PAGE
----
LIVING THE VISION
Churches all across South Georgia are in a preparation period for Charge Conference. Charge Conference is similar to the annual meeting of an organization where leadership is elected and important decisions are ratified.
It is easy for pastors and congregational leaders to see this process as drudgery and meaningless because there are so many administrative tasks required prior to the actual meeting. I fully understand this feeling. As the saying goes, “I have been there and done that!”
Yet, there is another way to approach this Charge Conference season. This fall, I encourage each pastor and nominations committee to elevate the attention given to the leadership selection process.
Leadership is the singular most important trait shared among healthy congregations that are focused on disciple-formation. No matter what the size or location of the church, spiritually gifted and empowered laity and clergy leaders lead vital churches. The nominations process should be more than filling positions with willing bodies or in some cases with any warm body.
There are many considerations that go into who you nominate, but why not approach this from a more spiritual starting point? Leadership selection is about matching the spiritual gifts of God’s people with needed ministry functions so that each one contributes their God-given ability. Aligning the spiritual gifts for the church’s ministry will generate a God-anointed outcome that far exceeds any human endeavor.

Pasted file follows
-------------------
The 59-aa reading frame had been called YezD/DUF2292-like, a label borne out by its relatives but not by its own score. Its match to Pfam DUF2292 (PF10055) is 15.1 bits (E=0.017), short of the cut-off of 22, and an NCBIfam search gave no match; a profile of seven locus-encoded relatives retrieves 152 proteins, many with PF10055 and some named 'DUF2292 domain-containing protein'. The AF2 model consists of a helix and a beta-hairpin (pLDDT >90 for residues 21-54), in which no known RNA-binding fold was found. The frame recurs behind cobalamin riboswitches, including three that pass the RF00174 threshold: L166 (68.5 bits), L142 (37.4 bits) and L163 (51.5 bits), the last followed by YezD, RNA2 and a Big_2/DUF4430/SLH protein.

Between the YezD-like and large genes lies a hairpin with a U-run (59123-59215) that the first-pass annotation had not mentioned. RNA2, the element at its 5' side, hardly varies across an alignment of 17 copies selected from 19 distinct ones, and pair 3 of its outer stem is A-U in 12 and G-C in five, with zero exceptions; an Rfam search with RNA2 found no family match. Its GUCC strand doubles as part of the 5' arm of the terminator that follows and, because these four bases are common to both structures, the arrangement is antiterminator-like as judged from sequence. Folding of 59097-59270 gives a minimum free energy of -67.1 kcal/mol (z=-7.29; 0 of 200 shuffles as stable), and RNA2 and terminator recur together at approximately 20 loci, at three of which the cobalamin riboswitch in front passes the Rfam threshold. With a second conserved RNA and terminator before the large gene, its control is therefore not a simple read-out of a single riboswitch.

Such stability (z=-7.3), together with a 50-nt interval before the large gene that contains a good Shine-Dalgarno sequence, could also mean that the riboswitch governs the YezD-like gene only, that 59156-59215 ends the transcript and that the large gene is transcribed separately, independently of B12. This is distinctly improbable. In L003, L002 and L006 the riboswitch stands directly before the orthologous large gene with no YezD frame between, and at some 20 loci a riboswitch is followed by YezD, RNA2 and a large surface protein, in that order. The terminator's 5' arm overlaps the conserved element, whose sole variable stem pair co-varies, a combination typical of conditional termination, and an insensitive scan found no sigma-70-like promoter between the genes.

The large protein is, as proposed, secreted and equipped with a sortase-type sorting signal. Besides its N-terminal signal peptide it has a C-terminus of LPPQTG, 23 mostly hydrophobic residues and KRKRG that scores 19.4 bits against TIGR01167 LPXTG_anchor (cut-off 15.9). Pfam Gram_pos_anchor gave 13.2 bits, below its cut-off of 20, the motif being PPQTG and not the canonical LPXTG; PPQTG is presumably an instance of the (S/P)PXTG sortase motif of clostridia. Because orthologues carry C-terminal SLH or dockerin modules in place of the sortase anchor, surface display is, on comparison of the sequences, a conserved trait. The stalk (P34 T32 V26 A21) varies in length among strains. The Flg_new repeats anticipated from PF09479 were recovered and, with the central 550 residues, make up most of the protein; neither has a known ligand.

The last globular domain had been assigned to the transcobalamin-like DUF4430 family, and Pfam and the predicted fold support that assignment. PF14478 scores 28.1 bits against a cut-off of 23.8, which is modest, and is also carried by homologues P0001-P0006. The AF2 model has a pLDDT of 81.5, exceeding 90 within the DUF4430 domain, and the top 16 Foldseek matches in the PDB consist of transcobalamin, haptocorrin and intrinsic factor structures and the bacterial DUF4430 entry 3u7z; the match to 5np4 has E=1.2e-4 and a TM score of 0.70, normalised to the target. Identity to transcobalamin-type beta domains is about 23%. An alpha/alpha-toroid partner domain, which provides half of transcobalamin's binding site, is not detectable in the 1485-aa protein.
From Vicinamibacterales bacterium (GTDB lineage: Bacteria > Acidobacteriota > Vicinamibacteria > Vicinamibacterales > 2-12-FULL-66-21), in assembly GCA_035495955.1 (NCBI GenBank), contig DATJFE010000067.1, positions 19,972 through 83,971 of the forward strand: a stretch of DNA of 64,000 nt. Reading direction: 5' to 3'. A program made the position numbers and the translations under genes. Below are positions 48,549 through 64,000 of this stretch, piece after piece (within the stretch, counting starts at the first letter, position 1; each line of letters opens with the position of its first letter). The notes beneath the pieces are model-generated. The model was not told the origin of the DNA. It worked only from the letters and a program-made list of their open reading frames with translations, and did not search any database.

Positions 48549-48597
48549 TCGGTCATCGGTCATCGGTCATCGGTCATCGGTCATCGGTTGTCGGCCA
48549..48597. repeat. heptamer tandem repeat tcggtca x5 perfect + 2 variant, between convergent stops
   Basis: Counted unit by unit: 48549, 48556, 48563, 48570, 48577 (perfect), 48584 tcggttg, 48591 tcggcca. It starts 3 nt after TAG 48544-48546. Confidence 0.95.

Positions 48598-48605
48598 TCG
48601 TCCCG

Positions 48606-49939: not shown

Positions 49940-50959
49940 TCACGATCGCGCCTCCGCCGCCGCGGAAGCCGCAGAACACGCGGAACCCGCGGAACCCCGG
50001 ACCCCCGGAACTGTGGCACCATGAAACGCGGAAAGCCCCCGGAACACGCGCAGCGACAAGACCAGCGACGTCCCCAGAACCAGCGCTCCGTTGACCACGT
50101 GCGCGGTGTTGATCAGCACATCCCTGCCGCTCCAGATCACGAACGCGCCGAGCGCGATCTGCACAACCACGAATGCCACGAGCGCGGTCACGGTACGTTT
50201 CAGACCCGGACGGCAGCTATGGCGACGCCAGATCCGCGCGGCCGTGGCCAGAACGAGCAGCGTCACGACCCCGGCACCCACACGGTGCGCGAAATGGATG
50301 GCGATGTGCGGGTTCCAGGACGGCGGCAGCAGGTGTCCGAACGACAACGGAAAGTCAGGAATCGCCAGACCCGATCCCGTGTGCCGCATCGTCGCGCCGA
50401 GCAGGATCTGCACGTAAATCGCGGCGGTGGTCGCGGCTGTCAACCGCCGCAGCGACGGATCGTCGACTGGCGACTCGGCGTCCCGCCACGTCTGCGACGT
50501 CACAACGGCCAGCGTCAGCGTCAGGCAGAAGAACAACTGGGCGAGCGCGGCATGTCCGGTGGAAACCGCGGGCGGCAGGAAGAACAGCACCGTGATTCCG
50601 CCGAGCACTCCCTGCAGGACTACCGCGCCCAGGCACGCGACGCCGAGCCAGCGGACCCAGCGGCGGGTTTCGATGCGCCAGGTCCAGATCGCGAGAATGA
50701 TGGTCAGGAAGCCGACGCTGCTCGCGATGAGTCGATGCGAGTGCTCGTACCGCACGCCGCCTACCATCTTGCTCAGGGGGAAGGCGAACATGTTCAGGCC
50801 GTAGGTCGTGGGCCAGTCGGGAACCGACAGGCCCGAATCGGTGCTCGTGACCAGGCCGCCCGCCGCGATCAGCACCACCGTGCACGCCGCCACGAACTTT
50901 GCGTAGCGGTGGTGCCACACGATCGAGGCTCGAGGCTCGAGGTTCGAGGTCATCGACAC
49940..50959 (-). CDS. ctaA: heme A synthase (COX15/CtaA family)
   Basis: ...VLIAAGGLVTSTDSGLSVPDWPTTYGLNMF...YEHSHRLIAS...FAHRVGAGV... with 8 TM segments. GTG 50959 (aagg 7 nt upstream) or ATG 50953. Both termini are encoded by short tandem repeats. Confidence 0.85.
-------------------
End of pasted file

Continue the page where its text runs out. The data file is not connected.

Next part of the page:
God is not stingy with spiritual gifts. Romans 12, 1 Corinthians 12, and Ephesians 4 introduce 20 different spiritual gifts given by God to believers. No one Christ-follower has all 20 gifts, but Paul teaches us each disciple is given a manifestation of the Spirit for the common good (1 Corinthians 12: 7).
Look at the wide variety of spiritual gifts. With what primary gifts has God blessed you? What secondary gifts seem to be present within you? Most Christians have a couple of primary gifts and a couple of secondary gifts.
In Romans 12, Paul identifies the gifts of exhortation, giving, leadership, mercy, prophecy, service, and teaching.
1 Corinthians 12 lists the gifts of administration, apostle, discernment, faith, healing, helps, knowledge, miracles, teaching, tongues, interpretation of tongues, and wisdom.
Ephesians 4 cites the gifts of apostle, evangelism, pastor, prophecy, and teaching.
Can you imagine how the whole nominations conversation would take on a new spiritual feel by examining what spiritual gifts are needed for certain tasks or teams and then looking for the people with the matching spiritual gifts?
Can you envision your church utilizing each person’s gift to carry out the work of Jesus Christ? Here are some outcomes you can expect:
It is my prayer that every United Methodist Christian in South Georgia will discover and engage their spiritual gifts within their local church. I believe so deeply in the Person, work and power of the Holy Spirit that I am convinced God will amaze us with spiritual outcomes that will be astounding.
We can take the first step by embracing the potential of this Pentecostal power, by looking at each potential leader through spiritual eyes, and by discerning and deploying their God-given gifts in faithful ways.
**Dr. Brad Brady is the Assistant to the Bishop for Connectional Ministries.